Edible Education 101

Surprise! I have a quick post for you.

A funny thing happened on the way to writing Breakfast Like an Emperor. In fact, a number of things are happening. And they’re all things I want to share with you, but here’s one that motivates me today—the day after it began.

Yesterday for some reason, I looked at my Twitter account. Didn’t take more than a couple of minutes to notice that Michael Pollan (@michaelpollan) had posted an important tweet:

Click here to visit Edible Education.
For those of you who may not know him, Michael Pollan has become one of the most intelligent, entertaining, well-informed, motivating and thought provoking writers on the subject of food today. His Omnivore’s Dilemma was a landmark for him and his readers. The latest I’ve read, Cooked: A Natural History of Transformation, is remarkable. Highly recommended, very different books.

Regardless of his depth of understanding, it never seems to be enough for Pollan. He’s always digging to new levels of comprehension. If you haven’t read him, you’re likely to encounter new aspects and fascinating details of food in our lives. Without this level of public understanding, America’s health (at least) will continue its downward slide.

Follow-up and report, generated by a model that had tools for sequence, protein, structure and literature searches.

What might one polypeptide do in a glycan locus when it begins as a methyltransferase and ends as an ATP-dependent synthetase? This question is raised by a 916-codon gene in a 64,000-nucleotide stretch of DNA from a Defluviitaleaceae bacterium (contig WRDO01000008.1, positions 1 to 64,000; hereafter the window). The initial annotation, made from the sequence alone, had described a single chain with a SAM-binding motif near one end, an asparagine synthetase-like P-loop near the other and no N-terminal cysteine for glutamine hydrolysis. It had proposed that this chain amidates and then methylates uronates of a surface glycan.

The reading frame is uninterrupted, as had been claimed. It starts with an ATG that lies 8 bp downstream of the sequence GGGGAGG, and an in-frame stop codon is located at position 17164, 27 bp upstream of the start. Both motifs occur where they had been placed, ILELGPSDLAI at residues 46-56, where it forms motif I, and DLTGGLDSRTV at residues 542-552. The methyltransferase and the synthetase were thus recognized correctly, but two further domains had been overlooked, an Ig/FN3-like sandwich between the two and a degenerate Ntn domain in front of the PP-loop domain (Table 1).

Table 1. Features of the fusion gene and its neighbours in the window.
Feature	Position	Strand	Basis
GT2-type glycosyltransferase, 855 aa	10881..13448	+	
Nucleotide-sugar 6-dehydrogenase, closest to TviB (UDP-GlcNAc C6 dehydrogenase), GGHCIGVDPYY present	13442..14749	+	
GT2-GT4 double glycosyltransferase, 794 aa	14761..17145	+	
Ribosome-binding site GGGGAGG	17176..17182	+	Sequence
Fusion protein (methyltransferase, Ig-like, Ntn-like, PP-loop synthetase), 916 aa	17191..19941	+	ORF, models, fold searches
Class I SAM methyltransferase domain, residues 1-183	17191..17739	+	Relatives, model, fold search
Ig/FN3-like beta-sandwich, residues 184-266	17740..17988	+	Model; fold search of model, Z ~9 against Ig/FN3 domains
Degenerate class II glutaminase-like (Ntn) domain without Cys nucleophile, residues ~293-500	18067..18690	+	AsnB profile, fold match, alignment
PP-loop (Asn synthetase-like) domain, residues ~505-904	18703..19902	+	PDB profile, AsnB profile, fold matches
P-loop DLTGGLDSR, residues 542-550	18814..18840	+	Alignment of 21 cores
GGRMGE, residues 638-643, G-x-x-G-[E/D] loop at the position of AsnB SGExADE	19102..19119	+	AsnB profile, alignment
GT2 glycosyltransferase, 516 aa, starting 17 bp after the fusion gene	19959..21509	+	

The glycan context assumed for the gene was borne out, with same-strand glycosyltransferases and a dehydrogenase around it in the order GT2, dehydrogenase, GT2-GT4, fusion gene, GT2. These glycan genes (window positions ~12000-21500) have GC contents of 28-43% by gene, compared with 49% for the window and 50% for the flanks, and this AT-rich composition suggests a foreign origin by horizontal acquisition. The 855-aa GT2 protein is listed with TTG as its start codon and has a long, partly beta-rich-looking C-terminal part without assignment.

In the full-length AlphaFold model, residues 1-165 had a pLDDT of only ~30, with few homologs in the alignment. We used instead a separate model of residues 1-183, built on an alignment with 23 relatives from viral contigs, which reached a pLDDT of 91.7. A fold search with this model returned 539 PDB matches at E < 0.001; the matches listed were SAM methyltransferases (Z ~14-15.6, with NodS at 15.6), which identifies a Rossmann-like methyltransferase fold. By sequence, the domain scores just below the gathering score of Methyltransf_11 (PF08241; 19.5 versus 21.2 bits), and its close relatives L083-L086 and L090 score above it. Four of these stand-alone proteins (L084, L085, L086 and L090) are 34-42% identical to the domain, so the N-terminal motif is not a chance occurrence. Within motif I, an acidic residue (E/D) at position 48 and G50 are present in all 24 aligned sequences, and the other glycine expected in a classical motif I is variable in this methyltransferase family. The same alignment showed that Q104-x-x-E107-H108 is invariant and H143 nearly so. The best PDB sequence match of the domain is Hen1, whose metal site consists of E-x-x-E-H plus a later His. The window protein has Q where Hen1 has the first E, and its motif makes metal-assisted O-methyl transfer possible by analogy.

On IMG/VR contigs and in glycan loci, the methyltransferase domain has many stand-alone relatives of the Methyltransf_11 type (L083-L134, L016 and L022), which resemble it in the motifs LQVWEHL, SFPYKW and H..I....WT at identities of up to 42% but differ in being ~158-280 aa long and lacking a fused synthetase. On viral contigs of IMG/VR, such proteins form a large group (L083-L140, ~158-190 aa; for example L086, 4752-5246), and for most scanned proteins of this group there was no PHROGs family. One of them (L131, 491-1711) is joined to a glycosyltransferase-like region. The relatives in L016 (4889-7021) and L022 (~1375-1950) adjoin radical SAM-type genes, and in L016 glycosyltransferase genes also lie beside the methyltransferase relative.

One of the things Pollan brings to the table is clarity of perception of hugely complex systems of our political culture that bind us to the unfortunate path our food is on. His tweet announces the online publication of all videos of the class’s lectures.

Speakers include:

  • Mark Bittman, of the New York Times,
  • Marion Nestle, professor of nutrition, food studies, and public health at New York University,
  • Alice Waters, originator of Chez Panisse in Berkeley (1971), where she defined California cuisine using organic, locally grown foods long before it was fashionable,
  • Eric Schlosser, author of Fast Food Nation,
  • Michael Pollan, professor of journalism, UC Berkeley,
  • and other dedicated activists who are giving their love, attention, and expertise to the fate of our food.

Equally important in these videos are the bright and motivated students attending these lectures, and whose questions and ideals may help define how we need to change our course, and perhaps, eventually lead us to a new and different destiny.

This is a wonderful opportunity to sit in on this class at the Brower Center to learn what these individuals are contributing to a better food environment in this country, as well as the rest of the world—and see what you might contribute, as well. Click here to visit the class.

Today, I watched Pollan’s amazingly concise, hour and forty minute overview and history of our dilemma, as preparation for where the stellar cast of lecturers and enthusiastic students may be takening the class. I enjoy Pollan and always come away with important perspectives I haven’t considered.

I’m looking forward to seeing more of these eleven lectures and interviews. Hopefully, you will, too!

 

 

 

 

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